DJ Spooky Response – Remixing the Way We Use Technology

Something from the first week of class came to my mind as I read this week’s blog post prompt. The idea of the changing same really reminded me of the film we watched in the first few days of class, particularly the part where the filmmakers traced the roots of the Verve’s song “Bittersweet Symphony”. I remember listening to this song as a kid, and really liking it—I still do. But before viewing the film, I had never considered how completely recycled and in a way un-innovative its melody and beat is. I think the words say something unique, but the melody and beat don’t do anything different. They are essentially a slight variation on what’s already been done, or in other words, the changing same. What does differentiate this version of the song from other, past versions is its more electric reverberations and strong base. In other words how it was produced. It’s a long cry from EDM, but simply as a byproduct of the era in which it was made, it incorporates the sounds made possible by new technology and digital music production. In that way, this song demonstrates how technology is now part of music production at its core, just as it’s a part of everything in our society and culture.

This musical example is just one of many that relates to DJ Spooky’s point that future generations will “have technology as a core aspect of their existence” (16). The technology in the song is not tied to its meaning or a deliberate artistic choice. It is simply included because technology is fully indoctrinated as a core part of the music producing process. DJ Spooky proposes we will see similar inclusions of technology in all aspects of our lives. He compares technology to the food we eat, the air we breath, and the languages we speak. He discusses it not as an accessory to our lives, but as definitive of our cultural and social constructs.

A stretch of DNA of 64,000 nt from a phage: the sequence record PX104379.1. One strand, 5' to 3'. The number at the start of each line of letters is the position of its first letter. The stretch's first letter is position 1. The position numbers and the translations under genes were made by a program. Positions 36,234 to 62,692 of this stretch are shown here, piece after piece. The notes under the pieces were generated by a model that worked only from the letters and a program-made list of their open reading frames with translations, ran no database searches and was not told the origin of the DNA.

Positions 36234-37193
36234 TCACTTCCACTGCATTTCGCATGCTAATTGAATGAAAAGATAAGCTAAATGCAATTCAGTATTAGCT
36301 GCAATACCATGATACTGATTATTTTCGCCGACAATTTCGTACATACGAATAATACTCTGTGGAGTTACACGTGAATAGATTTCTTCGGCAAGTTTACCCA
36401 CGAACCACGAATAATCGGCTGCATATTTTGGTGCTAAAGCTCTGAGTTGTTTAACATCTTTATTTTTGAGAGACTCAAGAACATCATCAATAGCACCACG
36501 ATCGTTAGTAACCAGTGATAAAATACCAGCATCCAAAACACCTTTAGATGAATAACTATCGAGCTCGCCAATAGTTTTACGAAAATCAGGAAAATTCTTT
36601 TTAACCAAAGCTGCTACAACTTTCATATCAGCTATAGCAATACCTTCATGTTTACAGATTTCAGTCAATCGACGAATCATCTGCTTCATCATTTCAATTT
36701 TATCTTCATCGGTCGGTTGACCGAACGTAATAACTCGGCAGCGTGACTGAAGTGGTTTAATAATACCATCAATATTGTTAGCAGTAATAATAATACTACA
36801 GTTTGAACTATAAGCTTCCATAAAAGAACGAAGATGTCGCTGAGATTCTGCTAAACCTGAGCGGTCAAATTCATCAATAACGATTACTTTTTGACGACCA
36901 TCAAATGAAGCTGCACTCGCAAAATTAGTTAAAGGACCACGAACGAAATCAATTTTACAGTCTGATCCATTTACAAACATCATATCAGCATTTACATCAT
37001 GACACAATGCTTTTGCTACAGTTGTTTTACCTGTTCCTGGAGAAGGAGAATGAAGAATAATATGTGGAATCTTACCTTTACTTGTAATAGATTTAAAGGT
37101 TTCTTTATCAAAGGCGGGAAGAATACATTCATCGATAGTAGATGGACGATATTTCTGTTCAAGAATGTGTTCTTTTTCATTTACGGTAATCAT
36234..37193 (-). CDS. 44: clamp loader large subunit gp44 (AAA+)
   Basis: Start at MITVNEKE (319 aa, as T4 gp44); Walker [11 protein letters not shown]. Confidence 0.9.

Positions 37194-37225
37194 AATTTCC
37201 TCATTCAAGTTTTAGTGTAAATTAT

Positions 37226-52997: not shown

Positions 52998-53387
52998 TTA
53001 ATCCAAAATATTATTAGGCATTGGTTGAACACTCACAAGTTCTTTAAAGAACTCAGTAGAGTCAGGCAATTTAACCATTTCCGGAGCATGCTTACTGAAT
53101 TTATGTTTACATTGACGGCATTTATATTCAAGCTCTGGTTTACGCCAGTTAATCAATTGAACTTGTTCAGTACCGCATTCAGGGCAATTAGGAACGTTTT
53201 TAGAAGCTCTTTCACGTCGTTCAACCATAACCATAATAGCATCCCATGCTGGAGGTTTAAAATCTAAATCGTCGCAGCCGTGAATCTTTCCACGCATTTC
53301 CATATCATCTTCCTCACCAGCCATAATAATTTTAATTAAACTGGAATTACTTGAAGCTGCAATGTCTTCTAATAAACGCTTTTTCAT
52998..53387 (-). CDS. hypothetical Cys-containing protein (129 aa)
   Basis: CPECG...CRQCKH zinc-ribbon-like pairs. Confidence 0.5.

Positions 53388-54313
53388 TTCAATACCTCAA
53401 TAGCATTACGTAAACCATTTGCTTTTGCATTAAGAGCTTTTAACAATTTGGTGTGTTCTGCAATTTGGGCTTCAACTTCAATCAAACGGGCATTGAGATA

I also really enjoyed when he got into speaking about “the machinery of culture as an organizing system”. I interpreted this to mean that the technologies and machinery we use are definitive of our culture. It’s an idea similar to “the medium is the message”—similarly, the technologies we use directly and absolutely dictate the way we operate within our society. DJ Spooky says this idea is not one that should be feared or resisted, but instead embraced. He conveys that we think about the possibilities allowed by new technologies in a stiff, restrictive way, writing “it’s not so much new ways of hearing that are needed, but new perceptions of what we can hear” (17). DJ Spooky sees the possibilities of technology, specifically tied to music production, as limitless. He asserts that we shouldn’t limit our utilization of technology to what we already know to be possible.

In terms of thinking about the archive, this reading got me thinking that our class archive might be mostly valuable because of the way we are documenting ourselves. The technologies and methods we are using say a lot about our generation and the era we live in. In our digital work, we talk about our lives and the lives of others, but future generations might see the methods by which we went about doing so as more indicative of what our lives were really like.

DJ Spooky’s avowal that we need to be utilizing the technology around us to their full potential got me thinking, how (if at all) do songs, books, poems, or any other creative work depreciate in value over time?

How To Balance Volumes in a Dynamic Introduction

There seems to be a few themes with audio documentaries. For one, they all include an intro. In order to make our audio documentaries seems professional and quality to listeners, it’s important that we create some sort of introductory sequence. An intro is like the credits of a film or the theme song of a sitcom. It offers up an introduction to the program about to commence, and gives composers an opportunity to introduce themselves by name as well as their podcast/audio show to listeners in a standard and familiar format. There are evidently many ways to go about composing your intro, but two elements that most intros seem to have are music and a scripted aural snippet performed by the host of the show.